Nov 162014
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A web site that is going to offer a customized service for registered users need to implement a signup and login procedure. Validated users can then be granted access to functionalities that could eventually make use of specific user data, not available for anonymous users.

This post explains a possible implementation of this signup and login procedure in PHP

1. Signup form

The signup form must request as a minimum the user identifier and password that will be needed later for the user to login to the service. It is quite common to also request an email address, and this email address is more and more used as the user identifier.

The signup form may request some additional information: age, gender, address,… Some of these data may be optional and some other mandatory, depending on the type of service offered by the web site.

For instance, the following HTML code generates a form requesting an email address and password, and gives the option to subscribe to a newsletter:

This HTML code, together with some CSS style, generates a form:



2. Processing the signup form

When the “Sign Up” button is clicked, the content of the form is sent to the “register.php” script to be processed.

But before the form is sent to the server, in a production service it is common to add some kind of client-side validation (verify that the syntax of the email address is valid, the content of fields “Password” and “Confirm Pasword” match, the password has a minimum length, etc.). This validation is implemented by means of a javascript function attached to the “onsubmit” event that is triggered immediately before the form content is sent.

Nevertheless, it is advisable to perform again the validation on the server, as part of the process performed by the “register.php” script.

“register.php” can be implemented as follows:

2.1. Reading the form data received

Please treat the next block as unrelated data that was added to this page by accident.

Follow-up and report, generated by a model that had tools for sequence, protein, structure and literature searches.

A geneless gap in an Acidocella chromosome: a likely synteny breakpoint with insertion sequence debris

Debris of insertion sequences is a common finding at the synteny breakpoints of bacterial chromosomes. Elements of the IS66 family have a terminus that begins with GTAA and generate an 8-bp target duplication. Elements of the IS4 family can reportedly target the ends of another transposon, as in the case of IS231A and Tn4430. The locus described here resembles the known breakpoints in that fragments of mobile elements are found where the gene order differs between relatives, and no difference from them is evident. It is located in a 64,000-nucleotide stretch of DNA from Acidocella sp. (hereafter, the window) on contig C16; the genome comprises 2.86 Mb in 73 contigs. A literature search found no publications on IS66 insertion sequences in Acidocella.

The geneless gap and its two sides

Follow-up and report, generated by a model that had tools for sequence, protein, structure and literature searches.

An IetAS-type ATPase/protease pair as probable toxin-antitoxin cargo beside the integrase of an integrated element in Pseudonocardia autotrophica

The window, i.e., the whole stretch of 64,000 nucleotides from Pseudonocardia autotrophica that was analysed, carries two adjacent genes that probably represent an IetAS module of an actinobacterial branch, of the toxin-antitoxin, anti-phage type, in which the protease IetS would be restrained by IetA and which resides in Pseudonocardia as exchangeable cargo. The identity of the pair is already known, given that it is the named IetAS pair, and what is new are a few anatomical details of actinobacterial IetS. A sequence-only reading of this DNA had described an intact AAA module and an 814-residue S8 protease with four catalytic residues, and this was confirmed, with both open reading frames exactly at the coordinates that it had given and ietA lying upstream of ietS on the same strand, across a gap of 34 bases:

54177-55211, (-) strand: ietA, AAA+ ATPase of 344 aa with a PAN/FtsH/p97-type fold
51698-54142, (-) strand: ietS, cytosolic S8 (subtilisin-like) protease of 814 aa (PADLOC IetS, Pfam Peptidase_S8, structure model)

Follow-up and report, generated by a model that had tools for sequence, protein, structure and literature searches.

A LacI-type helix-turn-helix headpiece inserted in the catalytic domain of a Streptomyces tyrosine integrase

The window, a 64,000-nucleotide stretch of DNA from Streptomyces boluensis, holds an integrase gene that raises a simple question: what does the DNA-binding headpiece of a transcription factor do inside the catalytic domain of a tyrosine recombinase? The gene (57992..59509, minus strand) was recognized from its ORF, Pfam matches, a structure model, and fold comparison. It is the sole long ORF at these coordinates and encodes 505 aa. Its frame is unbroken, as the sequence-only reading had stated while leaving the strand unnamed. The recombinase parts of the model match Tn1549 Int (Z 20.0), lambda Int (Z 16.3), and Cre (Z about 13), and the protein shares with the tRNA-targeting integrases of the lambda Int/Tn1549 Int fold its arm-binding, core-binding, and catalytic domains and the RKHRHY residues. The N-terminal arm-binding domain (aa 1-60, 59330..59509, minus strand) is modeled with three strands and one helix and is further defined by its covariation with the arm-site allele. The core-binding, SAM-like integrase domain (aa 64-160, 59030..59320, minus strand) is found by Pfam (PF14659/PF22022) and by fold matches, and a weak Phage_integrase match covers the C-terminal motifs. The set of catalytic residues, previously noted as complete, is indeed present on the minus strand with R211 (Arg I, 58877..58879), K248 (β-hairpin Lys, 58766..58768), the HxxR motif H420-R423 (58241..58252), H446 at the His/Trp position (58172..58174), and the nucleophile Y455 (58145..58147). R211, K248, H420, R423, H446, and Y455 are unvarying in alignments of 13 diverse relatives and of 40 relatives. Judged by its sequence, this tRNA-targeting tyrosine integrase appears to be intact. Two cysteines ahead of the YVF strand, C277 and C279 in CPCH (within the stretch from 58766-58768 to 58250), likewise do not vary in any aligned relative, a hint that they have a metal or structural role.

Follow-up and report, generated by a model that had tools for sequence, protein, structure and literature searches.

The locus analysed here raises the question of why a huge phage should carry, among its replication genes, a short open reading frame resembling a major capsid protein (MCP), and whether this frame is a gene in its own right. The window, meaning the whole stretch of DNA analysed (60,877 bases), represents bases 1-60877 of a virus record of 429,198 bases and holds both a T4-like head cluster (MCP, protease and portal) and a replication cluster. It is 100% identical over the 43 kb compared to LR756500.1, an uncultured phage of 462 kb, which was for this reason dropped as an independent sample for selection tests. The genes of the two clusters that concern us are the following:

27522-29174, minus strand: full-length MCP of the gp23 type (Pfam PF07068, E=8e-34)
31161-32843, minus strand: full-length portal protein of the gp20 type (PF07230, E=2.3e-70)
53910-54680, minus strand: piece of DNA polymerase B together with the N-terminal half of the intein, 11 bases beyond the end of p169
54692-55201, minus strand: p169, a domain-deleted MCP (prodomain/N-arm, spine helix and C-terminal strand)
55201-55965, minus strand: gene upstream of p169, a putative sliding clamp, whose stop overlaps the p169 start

The sample signup form above specified method=”POST”. Therefore, the values of the form fields are made available to the PHP script as elements in the $_POST array:

2.2. Performing validation of the input data

The most basic validation that can be done is testing that the password has a minimum length, and the confirmation password matches. It these tests fail, an appropiate message is printed:

Besides, it is a good partice to check that the syntax of the email address is correct. The standard PHP function filter_var can be used for this:

Note: filter_var() can also be used to check the validity of other field types, in case they are added to the form, using the appropriate flag: FILTER_VALIDATE_BOOLEAN, FILTER_VALIDATE_INT, FILTER_VALIDATE_IP, FILTER_VALIDATE_URL, etc. The list of available validation filter types can be consulted here

2.3. Inserting the user in the database

The list of registered users must be stored somewhere. In this guide we will assume that a table ‘users’ in a mysql database is used to keep this list.

The table ‘users’ has the following fields:

  • email  – email address. This field must be the primary key of the table, to avoid duplicates.
  • password – password
  • newsletter – set to true if the user wants to receive the newsletter
  • registration_date timestamp DEFAULT CURRENT_TIMESTAMP – signup date
  • activation_key – used to confirm the email address, as explained in 2.4.
  • validated – flag to indicate that the confirmation of the email address has succeeded

The registration procedure must check if the email address entered is already in the users table. If the email field is defined as the primary key of the userstable, this can be done at the time the user record is inserted, because the insert will fail with a “duplicate key” error if the user existed:

The function “generate_random_key()” generates a random, 32 characters long activation key. It  can be implemented as follows:

2.4. Sending a confirmation email

A confirmation email is sent to the email address entered, with a link that needs to be clicked to complete the signup process. A possible implementation of this can be done using the standard mail() function:

When the user receives the email and clicks on the link, the script “activate.php” is executed on the server. The activation key is passed as the value of the argument “activation”.

The script activate.php justs toggles the flag “validate” in the users table, starts a session, and display a confirmation message:

And that completes the signup procedure

3. Login form

The login form could just have two fields “email” and “password” that are sent to a “login.php” script. It is also common to add a link to recover or reset the password if it has been forgotten. This HTML code generates a sample login form:

With this code and some CSS style, the sample login form can look like this:



The “login.php” script must check that there is a matching entry in the users table for the email and password entered, and start a validated session:


 Posted by at 4:54 pm

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